- the interests of the attorney or a relation, close friend or business associate of the attorney; or
- another duty of the attorney.
- The duty to keep the attorney’s property separate from the property of the Principal.
- The duty to ensure that investments made on the Principal’s behalf are those authorised by the Trusts Act.
- The duty to ensure that the performance of the Principal’s investments is reviewed at least once each year.
- The duty to keep appropriate records of all financial transactions entered into pursuant to the enduring power of attorney.
- The duty, if two or more attorneys are appointed to act at the same time (whether jointly, severally or by majority), to consult with one another on a regular basis to ensure that the interests of the Principal are not prejudiced by a breakdown in communication between the attorneys.
- The duty to exercise the powers honestly and with reasonable diligence to protect the Principal’s interests. This obligation requires an attorney to attend to matters such as:
- paying the Principal’s outstanding bills on time;
- ensuring that the Principal’s property is appropriately insured;
- submitting income tax returns on the Principal’s behalf;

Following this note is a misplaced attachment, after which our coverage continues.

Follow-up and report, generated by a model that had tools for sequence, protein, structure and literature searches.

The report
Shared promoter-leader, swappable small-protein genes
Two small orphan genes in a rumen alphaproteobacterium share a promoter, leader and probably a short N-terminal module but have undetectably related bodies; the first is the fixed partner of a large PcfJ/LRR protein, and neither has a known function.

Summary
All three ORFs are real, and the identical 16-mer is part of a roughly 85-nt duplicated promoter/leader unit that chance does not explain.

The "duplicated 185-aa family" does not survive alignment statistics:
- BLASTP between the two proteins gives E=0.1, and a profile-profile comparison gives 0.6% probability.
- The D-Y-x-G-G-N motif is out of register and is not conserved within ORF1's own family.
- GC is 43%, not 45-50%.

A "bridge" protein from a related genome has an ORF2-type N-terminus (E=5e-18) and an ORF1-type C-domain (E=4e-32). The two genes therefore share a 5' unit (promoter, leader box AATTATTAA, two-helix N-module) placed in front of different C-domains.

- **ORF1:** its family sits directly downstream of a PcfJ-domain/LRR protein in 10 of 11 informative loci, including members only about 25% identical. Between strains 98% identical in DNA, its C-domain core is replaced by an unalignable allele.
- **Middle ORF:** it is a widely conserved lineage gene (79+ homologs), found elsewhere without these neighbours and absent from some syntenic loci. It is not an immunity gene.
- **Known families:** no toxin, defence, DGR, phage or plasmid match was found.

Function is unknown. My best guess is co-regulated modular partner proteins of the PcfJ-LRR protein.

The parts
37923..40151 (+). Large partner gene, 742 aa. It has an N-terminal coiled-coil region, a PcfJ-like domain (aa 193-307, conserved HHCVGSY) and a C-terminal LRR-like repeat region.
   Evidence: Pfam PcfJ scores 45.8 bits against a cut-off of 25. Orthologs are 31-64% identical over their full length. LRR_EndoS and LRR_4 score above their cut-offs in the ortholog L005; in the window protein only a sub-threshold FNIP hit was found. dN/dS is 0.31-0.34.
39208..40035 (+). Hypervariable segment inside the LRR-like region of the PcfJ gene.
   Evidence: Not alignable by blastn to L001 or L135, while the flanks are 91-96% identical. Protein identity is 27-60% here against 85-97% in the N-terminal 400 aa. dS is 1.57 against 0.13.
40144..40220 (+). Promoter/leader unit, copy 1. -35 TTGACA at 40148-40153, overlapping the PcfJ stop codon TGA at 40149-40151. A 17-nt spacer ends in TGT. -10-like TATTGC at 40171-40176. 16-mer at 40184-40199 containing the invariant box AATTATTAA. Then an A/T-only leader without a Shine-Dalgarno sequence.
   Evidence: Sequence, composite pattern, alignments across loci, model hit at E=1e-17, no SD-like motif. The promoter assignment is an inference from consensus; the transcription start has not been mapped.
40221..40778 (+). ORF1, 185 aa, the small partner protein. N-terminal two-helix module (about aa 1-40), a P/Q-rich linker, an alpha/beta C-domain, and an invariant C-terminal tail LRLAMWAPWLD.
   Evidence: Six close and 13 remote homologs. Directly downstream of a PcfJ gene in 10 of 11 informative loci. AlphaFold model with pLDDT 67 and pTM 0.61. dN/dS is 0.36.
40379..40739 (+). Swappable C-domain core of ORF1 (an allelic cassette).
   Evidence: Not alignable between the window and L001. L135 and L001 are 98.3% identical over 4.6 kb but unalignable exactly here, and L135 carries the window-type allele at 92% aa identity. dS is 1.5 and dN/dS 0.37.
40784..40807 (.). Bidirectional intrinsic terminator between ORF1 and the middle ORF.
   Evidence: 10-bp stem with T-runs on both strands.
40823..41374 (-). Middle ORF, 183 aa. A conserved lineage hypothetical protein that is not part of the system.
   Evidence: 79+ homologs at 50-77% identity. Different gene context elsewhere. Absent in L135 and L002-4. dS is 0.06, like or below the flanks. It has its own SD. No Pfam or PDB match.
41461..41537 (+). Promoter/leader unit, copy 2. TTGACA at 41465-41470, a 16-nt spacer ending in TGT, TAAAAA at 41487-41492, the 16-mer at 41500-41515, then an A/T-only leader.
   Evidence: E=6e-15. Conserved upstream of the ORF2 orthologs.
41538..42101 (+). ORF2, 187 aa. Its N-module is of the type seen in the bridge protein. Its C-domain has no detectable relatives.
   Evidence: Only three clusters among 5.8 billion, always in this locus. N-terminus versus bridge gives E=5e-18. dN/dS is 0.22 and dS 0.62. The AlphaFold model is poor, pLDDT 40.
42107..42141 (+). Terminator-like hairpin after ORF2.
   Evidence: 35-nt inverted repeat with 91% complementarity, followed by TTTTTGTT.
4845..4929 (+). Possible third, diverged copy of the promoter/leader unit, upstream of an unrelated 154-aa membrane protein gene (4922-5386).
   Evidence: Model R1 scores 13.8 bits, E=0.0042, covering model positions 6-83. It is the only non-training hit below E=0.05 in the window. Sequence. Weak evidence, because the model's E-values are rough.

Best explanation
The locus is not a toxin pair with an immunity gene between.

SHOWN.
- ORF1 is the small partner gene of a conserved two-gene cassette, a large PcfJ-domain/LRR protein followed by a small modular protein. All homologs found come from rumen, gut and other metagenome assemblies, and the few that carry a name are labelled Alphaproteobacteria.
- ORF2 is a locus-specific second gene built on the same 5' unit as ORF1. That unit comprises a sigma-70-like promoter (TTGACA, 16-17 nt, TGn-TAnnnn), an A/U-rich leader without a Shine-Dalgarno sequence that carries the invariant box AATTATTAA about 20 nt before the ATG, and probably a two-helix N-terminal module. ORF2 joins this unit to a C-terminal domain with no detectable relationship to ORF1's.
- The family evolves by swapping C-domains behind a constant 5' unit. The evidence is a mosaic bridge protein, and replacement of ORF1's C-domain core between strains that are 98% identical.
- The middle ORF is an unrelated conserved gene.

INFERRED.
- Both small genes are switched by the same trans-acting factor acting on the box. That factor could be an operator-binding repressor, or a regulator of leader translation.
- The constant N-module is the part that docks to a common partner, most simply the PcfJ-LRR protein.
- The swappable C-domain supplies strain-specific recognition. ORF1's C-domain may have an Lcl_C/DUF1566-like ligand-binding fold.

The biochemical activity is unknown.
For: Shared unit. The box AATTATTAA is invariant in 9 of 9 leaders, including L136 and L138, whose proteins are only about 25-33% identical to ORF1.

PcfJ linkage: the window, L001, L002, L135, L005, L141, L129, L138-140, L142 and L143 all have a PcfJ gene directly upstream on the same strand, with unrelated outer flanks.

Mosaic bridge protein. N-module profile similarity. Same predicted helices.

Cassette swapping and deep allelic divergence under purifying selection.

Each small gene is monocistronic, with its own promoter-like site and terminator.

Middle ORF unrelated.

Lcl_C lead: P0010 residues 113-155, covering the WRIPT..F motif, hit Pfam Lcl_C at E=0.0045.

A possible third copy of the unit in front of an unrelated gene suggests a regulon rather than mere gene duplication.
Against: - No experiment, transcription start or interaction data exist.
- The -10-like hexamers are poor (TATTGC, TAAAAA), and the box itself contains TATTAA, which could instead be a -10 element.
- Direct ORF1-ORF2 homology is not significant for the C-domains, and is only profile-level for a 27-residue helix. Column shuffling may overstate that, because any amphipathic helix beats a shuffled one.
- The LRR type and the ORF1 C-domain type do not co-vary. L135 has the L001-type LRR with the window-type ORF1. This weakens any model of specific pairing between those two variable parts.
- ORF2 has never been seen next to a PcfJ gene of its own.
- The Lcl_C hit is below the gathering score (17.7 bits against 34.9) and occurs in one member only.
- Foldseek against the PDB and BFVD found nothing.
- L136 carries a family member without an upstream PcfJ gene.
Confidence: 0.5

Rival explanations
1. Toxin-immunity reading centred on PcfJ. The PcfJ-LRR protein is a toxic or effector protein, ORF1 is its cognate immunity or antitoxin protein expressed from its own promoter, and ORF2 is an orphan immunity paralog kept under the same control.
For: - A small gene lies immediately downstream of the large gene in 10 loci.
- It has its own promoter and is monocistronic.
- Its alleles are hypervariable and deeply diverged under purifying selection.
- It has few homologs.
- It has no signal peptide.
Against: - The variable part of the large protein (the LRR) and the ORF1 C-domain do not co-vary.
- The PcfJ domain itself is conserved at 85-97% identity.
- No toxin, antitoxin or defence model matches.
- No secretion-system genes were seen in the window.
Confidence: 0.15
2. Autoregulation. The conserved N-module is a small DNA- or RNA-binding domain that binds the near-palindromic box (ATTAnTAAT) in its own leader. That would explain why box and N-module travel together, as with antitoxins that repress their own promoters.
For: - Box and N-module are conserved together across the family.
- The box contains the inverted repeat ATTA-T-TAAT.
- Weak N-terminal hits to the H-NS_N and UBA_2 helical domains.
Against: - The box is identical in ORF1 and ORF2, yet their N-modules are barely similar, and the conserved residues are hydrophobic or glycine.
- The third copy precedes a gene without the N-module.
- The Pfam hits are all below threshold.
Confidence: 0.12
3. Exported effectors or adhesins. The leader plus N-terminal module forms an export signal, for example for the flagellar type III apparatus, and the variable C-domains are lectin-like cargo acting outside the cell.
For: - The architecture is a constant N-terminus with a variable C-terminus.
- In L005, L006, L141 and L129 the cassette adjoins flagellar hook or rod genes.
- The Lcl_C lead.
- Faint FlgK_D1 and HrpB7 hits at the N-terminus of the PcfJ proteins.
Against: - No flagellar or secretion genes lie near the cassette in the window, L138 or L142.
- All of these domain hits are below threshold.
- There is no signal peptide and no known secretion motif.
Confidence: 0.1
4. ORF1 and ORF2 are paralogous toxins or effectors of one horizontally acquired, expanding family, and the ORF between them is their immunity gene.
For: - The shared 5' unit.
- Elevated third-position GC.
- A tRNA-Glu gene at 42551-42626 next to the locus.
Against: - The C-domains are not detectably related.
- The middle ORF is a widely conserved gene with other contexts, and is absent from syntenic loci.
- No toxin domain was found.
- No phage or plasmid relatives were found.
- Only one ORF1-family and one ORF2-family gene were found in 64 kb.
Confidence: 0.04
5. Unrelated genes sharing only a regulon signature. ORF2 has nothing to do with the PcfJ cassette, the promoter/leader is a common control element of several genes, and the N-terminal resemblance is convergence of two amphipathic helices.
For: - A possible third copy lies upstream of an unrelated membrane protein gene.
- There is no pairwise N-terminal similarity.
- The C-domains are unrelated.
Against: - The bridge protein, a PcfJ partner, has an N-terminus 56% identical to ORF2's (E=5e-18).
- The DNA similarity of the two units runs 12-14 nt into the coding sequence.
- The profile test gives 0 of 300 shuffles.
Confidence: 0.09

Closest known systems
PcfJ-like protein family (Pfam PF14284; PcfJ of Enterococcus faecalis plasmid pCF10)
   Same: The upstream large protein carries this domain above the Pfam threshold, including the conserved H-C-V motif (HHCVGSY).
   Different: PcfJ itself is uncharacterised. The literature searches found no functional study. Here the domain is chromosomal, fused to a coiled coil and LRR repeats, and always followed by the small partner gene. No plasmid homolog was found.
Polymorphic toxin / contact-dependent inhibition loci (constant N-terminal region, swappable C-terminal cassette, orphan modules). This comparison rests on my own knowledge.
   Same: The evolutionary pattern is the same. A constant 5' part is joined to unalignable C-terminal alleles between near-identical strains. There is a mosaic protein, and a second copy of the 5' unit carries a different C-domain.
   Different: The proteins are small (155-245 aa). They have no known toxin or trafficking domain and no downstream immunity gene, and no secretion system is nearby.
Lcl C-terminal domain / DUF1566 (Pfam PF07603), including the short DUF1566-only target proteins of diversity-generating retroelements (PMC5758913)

- if the Principal has a self-managed superannuation fund, ensuring that the fund remains compliant with regulatory requirements, as failure to do so could result in the fund losing the benefits of concessional tax treatment; and
- ensuring that the Principal has accommodation, care and support that is appropriate to his or her needs.
- The duty to obey any limitations or restrictions contained in the terms of the enduring power of attorney. For example, an enduring power of attorney may:
- specify that the attorney’s power to make decisions in relation to financial matters commences immediately upon the execution of the document, or only at a later date or on the occurrence of a particular event, such as when the person who made the enduring power of attorney is medically certified to no longer have the mental capacity to understand their affairs; or
- contain specific directions as to how the Principal’s affairs are to be managed.
- The duty to comply with the health care principle established by the Powers of Attorney Act 1998 (Qld) when making decisions in relation to health matters on the Principal’s behalf. The health care principle requires that the attorney’s power in relation to health matters should be exercised.
- The duty to comply with the general principles set out in the Powers of Attorney Act 1998 (Qld) when making decisions on behalf of the Principal. These principles include, but are not limited to, the following: